Maybe they responded to a whitepaper download CTA. Or maybe they subscribed to your blog after reading a particular post. It’s that sort of information you’ll need to study in order to know where they are in the buyers’ journey.
That will set you up nicely for generating effective nurture campaigns for all those emails you collected. Different prospects will receive different series of emails, depending on how they came to you. Some of your emails will serve to convert prospects who didn’t subscribe to your software, for example. Others may target people who have let their free trial of your SaaS service expire.
Others will be nurtured along the buyers’ journey differently — there are dozens of touchpoints at which you can create opportunities for conversion. Sending the right email is key.
5. Don’t Forget to Submit Your Profile on Review Sites
Just as general consumers turn to Yelp to help them decide where to eat and shop, business software consumers turn to review sites as well.
There are plenty of SaaS directories for listing your business and, since online customer reviews are growing in influence, it’s essential that you check these directories out. Some of the biggest names include:
6. Finally, Run Ads
Identify your ideal customer, run paid campaigns and target them on Adwords, Linkedin and Facebook. One thing to keep in mind, so that you don’t bust your budget, is to remember your long tail keywords.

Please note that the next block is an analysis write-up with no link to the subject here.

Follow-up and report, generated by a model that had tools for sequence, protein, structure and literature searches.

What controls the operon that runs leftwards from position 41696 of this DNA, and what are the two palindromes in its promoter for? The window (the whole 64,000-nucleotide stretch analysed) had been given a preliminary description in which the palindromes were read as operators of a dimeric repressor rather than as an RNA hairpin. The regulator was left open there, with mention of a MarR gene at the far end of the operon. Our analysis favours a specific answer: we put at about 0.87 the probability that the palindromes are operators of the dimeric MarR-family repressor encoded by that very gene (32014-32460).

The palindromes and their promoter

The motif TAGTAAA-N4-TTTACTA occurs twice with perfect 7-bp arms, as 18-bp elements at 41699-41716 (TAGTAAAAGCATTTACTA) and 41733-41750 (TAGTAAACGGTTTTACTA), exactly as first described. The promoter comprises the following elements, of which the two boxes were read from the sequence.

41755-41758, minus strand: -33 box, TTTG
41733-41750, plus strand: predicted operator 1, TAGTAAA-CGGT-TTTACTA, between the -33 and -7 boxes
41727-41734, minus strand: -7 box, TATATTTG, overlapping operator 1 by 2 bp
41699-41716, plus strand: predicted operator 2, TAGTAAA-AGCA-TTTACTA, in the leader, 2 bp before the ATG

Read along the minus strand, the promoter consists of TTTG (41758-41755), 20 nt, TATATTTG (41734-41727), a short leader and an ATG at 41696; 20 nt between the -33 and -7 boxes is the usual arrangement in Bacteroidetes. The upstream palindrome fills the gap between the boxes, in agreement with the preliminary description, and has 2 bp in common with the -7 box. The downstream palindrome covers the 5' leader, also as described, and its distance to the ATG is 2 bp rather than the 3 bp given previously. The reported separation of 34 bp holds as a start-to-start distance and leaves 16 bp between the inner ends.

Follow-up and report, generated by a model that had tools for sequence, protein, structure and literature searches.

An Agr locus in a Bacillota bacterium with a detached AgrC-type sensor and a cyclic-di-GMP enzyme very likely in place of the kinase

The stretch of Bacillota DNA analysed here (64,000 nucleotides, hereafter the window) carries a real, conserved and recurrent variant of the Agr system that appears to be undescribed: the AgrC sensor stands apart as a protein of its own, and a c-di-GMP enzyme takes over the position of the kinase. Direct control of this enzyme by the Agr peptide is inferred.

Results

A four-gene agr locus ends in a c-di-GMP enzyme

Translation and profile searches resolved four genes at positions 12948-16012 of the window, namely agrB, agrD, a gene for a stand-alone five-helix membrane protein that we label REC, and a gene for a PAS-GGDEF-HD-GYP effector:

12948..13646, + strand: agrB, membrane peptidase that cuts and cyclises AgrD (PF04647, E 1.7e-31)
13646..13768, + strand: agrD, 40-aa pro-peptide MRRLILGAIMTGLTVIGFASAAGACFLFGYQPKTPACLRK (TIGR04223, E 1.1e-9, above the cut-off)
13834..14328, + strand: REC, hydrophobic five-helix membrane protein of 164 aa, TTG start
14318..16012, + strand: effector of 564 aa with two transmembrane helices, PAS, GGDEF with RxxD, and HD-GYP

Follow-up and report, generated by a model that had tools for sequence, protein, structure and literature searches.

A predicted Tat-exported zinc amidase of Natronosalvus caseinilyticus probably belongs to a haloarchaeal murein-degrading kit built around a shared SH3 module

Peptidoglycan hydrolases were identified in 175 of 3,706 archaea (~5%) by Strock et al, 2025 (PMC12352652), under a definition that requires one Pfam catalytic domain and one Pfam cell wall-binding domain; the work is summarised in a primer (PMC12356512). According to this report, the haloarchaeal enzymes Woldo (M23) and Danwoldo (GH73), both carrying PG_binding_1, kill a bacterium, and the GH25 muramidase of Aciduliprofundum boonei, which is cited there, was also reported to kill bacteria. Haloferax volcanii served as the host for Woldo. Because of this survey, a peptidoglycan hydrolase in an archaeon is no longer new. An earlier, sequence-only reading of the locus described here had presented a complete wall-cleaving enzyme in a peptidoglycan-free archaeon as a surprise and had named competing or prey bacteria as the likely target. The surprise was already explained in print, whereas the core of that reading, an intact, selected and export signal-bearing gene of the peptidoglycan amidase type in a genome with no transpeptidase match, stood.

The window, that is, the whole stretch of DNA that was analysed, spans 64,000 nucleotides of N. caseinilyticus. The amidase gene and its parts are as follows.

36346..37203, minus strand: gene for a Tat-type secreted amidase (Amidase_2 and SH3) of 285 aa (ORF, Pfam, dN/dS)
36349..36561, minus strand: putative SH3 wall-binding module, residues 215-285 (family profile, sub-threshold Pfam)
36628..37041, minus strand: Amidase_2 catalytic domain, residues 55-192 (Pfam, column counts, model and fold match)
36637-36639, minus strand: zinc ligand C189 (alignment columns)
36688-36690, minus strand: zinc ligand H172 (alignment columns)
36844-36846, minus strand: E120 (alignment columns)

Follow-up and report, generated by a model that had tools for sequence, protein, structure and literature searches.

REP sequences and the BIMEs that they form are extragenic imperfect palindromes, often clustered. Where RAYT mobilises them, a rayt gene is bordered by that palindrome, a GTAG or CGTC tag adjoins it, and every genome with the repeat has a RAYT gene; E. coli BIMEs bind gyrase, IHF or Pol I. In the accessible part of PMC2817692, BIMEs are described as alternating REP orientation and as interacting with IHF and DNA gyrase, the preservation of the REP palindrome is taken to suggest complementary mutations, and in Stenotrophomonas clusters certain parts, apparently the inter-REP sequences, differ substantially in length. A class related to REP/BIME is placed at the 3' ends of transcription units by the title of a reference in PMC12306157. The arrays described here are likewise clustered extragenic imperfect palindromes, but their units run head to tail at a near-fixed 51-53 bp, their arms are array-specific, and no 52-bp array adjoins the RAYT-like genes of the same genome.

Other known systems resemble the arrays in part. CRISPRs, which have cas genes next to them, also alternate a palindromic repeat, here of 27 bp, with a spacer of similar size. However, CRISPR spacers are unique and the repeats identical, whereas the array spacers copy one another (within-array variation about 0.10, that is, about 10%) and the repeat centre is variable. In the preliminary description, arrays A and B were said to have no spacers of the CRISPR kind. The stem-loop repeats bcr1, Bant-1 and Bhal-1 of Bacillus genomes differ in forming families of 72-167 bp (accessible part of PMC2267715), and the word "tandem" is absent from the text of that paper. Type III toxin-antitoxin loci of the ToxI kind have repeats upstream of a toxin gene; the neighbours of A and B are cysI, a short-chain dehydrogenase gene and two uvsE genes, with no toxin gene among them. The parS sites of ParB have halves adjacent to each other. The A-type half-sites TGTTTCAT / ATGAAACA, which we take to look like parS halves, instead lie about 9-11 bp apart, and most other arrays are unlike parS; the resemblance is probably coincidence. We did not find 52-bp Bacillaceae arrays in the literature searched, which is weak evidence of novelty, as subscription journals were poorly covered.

This is especially true for SaaS companies, who may be up against some very stiff competition. Let’s face it, there’s always a big dog who’s all but cornered the market in SaaS products and services.
Then, if you want to up your marketing game, you’ll want to also set up remarketing campaigns on all platforms and social media sites.
One Final Word…
Now you’ve got your six steps and your work is cut out for you. Better get cracking, since gone are the days when marketers could get by without knowing about metrics, buyer’s journey, keyword-driven content, email nurturing campaigns, and all the ways to use powerful data to run targeted ads.
If you’re feeling a tad overwhelmed, or if you feel your SaaS company can never compete in SEO, think again. SaaS business of all sizes are making steady progress with all these techniques I’ve outlined for you here. It’s a matter of studying your customer, learning your metrics, and creating a marketing strategy that fits your SaaS business to a tee.